Offering total escapism, Gili Meno is a great location for combining relaxation and mindfulness through the local Yoga and meditation classes with a spot of adventure diving or snorkelling in the crystal clear waters. Spend days lazing around in a beachfront hammock while indulging in fresh foods from the local cafés. Meno is the smallest of the islands and can be reached on the same daily departures as Air, taking just 15 minutes to reach from Trawangan and costing IDR23,000.

Gili Island trio is a great destination that should be at the top of every castaways bucket list.

Header photo credit Andres Abogabir on Unsplash

 

3 Must-see Temples in Bali

 

With so many temples to visit in Ubud, it is best to book onto a tour with one of the many tour operators. Many are local Balinese people with their own small business, and offer excursions of up to six people, costing around IDR400,000 (£23) per trip, for a full day. Tourists are taken out in the locals car to various temples, while being guided through the lands local history. This is an easy and affordable way to explore, however if you are feeling more adventurous, motorbikes can be rented from as little as £4 per day, just ensure you have a route planned before heading out. Here are three wonderful, sacred temples that are not to be missed.

‘Goa Gajah’ Elephant Cave Temple

The elephant cave temple is a popular addition to many of the tours as it is just 6km southeast of central Ubud. The entrance cost is a minor IDR15,000 (80p) and you can take as much time to wander as you like. The tour guide usually gives 30-60 minutes depending on the size of the temple, which is plenty of time to explore at leisure. A sarong is essential but this is one temple that hands them out upon entering. Simply wrap the sarong around your own clothes and return it when you leave.

The entrance to the cave has remarkable carvings of menacing creatures with an eye-catching elephant above the door, hence the name ’Elephant Cave’. The historic name is ‘Goa Gajah’, ‘Goa’ meaning cave and ‘Gajah’ meaning elephant. As you enter into the darkness, the small cave abruptly ends with a Ganesh statue to the left and a small worship area to the right containing stone Lingam and Yoni in honour of Shiva. Surrounding the cave are glorious, tranquil gardens, ponds and water features to roam around freely with admiration under the warm sun.

Among the grounds is a bathing spot with three wonderful stone carved water fountain features. A soak in the water here is said to ward off evil spirits, however it is not accessible for tourists unlike the Tirta Empul Temple. The traditional, exquisitely decorated temples with the nipa hut roof are dotted around the grounds and are a beautiful, unique site to see, adding vibrancy to the setting.

The temple itself takes minutes to explore yet the real attraction here is the beautiful surroundings of lush green rice paddies, grape vines and gardens, and a long flight of steps leading to a small waterfall. The sign leading ‘to the temple’ will guide you to the remains of a crumbled Buddhist temple. Elephant Cave is definitely worth a visit on any sightseeing tour.

Tirta Empul Temple

Better known as the Holy Spring Water Temple located in Tampak Siring Village, around 39km east of Denpasar town, the beautiful temple has unsurprisingly fast become a popular destination in Bali attracting many locals and tourists daily for both worship and admiration of the glorious grounds.

The temple consists of fine architectural detail and colouring throughout with many shrines dotted around the grounds under the traditional nipa hut roof, some shut off from tourists for private ceremonies. The striking holy water fountains are at the entrance where locals can be seen spreading the traditional holy bamboo trays, also known as ‘kumarang’, while preparing for ceremony. Take advantage of cleansing in the cooling water but ensure you bring a change of clothes as you must soak dressed but cannot enter the temple wet. The belief from the locals is that the holy water is purifying to the mind, body and soul. A shower in the fresh water sourced from the springs of the temple is said to eliminate all diseases and sins while giving new holy spirits ahead of their daily ritual prayers within the temples. Towards the west, the Presidential Palace – Istana Tampkasiring, can be seen stretched across the hill. The magnificent house was built during the years of Sukarno, the first president of Indonesia.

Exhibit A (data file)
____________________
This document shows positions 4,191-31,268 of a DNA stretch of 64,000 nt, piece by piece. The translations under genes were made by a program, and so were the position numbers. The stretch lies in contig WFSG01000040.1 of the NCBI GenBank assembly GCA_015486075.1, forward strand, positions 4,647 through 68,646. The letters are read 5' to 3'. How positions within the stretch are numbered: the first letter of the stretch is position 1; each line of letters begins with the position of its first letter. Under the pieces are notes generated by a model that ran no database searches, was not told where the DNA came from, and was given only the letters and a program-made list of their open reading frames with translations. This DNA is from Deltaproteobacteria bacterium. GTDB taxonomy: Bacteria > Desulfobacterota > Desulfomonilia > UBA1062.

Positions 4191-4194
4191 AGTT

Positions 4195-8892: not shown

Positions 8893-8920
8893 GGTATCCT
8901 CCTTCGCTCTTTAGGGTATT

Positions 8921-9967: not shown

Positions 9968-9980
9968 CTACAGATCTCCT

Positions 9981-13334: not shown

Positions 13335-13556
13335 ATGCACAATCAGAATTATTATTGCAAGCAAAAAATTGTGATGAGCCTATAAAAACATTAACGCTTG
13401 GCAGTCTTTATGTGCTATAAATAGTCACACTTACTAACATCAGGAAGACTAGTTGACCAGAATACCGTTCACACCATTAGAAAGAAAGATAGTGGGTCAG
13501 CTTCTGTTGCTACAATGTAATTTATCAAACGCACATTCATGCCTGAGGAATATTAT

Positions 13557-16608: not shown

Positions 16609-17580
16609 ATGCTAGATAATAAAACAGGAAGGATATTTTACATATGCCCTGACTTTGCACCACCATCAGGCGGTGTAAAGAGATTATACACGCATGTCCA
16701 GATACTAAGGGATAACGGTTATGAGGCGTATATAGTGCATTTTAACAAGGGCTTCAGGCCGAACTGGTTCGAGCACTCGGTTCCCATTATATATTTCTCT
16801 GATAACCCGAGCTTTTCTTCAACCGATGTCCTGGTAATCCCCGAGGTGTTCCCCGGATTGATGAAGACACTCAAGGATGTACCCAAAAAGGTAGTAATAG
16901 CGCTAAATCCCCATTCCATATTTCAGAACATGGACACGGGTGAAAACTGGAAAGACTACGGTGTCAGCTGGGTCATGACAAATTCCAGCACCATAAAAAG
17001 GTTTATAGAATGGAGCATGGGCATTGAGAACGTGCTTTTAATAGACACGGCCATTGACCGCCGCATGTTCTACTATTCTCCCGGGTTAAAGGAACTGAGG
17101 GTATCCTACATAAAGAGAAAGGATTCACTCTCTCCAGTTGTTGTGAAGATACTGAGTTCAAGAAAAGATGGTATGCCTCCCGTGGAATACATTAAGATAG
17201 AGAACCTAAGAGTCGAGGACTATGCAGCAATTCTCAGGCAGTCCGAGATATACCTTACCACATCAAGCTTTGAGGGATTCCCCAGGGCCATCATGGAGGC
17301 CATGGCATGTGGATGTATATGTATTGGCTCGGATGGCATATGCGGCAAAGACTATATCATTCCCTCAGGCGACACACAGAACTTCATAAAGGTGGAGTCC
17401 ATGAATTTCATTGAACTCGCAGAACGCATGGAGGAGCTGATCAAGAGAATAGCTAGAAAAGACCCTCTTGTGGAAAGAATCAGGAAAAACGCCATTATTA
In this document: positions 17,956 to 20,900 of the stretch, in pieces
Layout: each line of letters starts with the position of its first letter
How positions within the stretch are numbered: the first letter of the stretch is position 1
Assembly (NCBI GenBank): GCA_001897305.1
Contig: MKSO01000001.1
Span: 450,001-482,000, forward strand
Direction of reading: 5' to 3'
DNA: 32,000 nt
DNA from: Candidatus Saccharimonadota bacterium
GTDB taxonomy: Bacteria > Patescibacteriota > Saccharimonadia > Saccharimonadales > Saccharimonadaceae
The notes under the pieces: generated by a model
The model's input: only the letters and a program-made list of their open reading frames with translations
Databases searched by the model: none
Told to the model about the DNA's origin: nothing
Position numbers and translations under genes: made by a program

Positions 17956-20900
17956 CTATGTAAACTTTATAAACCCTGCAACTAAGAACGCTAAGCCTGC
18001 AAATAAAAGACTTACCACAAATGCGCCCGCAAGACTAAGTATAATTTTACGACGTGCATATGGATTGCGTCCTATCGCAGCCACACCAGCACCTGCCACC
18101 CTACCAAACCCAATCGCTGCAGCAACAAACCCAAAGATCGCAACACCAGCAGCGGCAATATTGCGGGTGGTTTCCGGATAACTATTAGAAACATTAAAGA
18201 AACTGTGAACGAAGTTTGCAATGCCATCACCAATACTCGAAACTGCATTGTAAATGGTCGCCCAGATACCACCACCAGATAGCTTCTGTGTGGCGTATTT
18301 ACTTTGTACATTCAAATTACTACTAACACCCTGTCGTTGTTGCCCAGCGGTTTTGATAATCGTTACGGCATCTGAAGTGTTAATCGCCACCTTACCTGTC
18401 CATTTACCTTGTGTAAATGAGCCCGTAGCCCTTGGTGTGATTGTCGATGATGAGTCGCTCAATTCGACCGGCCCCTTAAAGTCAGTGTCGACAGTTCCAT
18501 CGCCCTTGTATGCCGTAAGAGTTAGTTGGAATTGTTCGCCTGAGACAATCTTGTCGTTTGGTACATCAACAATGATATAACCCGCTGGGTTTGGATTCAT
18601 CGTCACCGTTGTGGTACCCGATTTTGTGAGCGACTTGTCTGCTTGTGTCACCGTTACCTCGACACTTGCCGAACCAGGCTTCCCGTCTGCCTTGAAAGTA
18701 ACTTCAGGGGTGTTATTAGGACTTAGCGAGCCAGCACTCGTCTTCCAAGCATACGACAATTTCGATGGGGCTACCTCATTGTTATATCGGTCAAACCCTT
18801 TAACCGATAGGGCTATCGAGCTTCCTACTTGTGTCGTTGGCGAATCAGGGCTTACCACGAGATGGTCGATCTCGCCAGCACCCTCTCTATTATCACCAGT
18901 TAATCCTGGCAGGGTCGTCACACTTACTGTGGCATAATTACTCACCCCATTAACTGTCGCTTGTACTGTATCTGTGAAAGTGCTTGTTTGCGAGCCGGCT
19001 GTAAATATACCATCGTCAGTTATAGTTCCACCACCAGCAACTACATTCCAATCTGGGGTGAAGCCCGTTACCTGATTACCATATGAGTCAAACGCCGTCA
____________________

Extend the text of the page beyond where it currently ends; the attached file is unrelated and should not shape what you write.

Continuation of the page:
During our visit, we were lucky enough to catch a large ceremony from beginning to end. Such strong belief and commitment to worship of the locals here is both admirable and awe inspiring. From the beautiful dress, the scent of fresh flowers and burning incense infusing the air, to the soft music and chants from the Balinese people. The experience was truly heart-warming and simply wonderful.

Gunung Kawi Temple

A wonderful, historic temple, with a glorious setting of mountains and greenery, Gunung Kawi Temple can be found in Pakerisan River, near Tampaksiring village in Gianyar Regency, Bali. The temple is a great addition to a cultural day tour within Ubud where you can wander freely amongst the grounds that can be covered within the hour. Entrance cost is IDR15000 and as with most temples in Bali, it is essential for visitors, both male and female, to wear a long sarong upon entering.

The grounds are surrounded by lush greenery and rice paddies with many breath taking view points along the way. Take a moment here to admire the peaceful serenity then continue to be charmed by the local people making a living selling beautifully hand crafted items as you make your way down the 300 count stairway.

One of Bali’s oldest and largest ancient monuments will be quick to welcome you as you reach the bottom. Dating back to 11th century the 10 ‘candi’ shrines among the grounds are impressively hand carved from the cliff face and measure at a staggering 8m in height. The ‘candi’ shrines are believed to have been built for King Udayana, his Javanese Queen Gunapriya and their sons, Airlangga, Wungsu and Marakata, whom where previous rulers of East Java (Airlangga) and Bali (Wungsu). The four monuments on the western side are said to be dedicated to Wungu’s chief concubines. A small rocky river, hand carved fountains, and nipa hut roofed shrines grace the grounds, beautifully crafted and coloured, and the hard work and attention to detail outstanding. A blissful wander through the monuments, temples and rice fields will likely leave you feeling a sense of tranquillity and inner peace.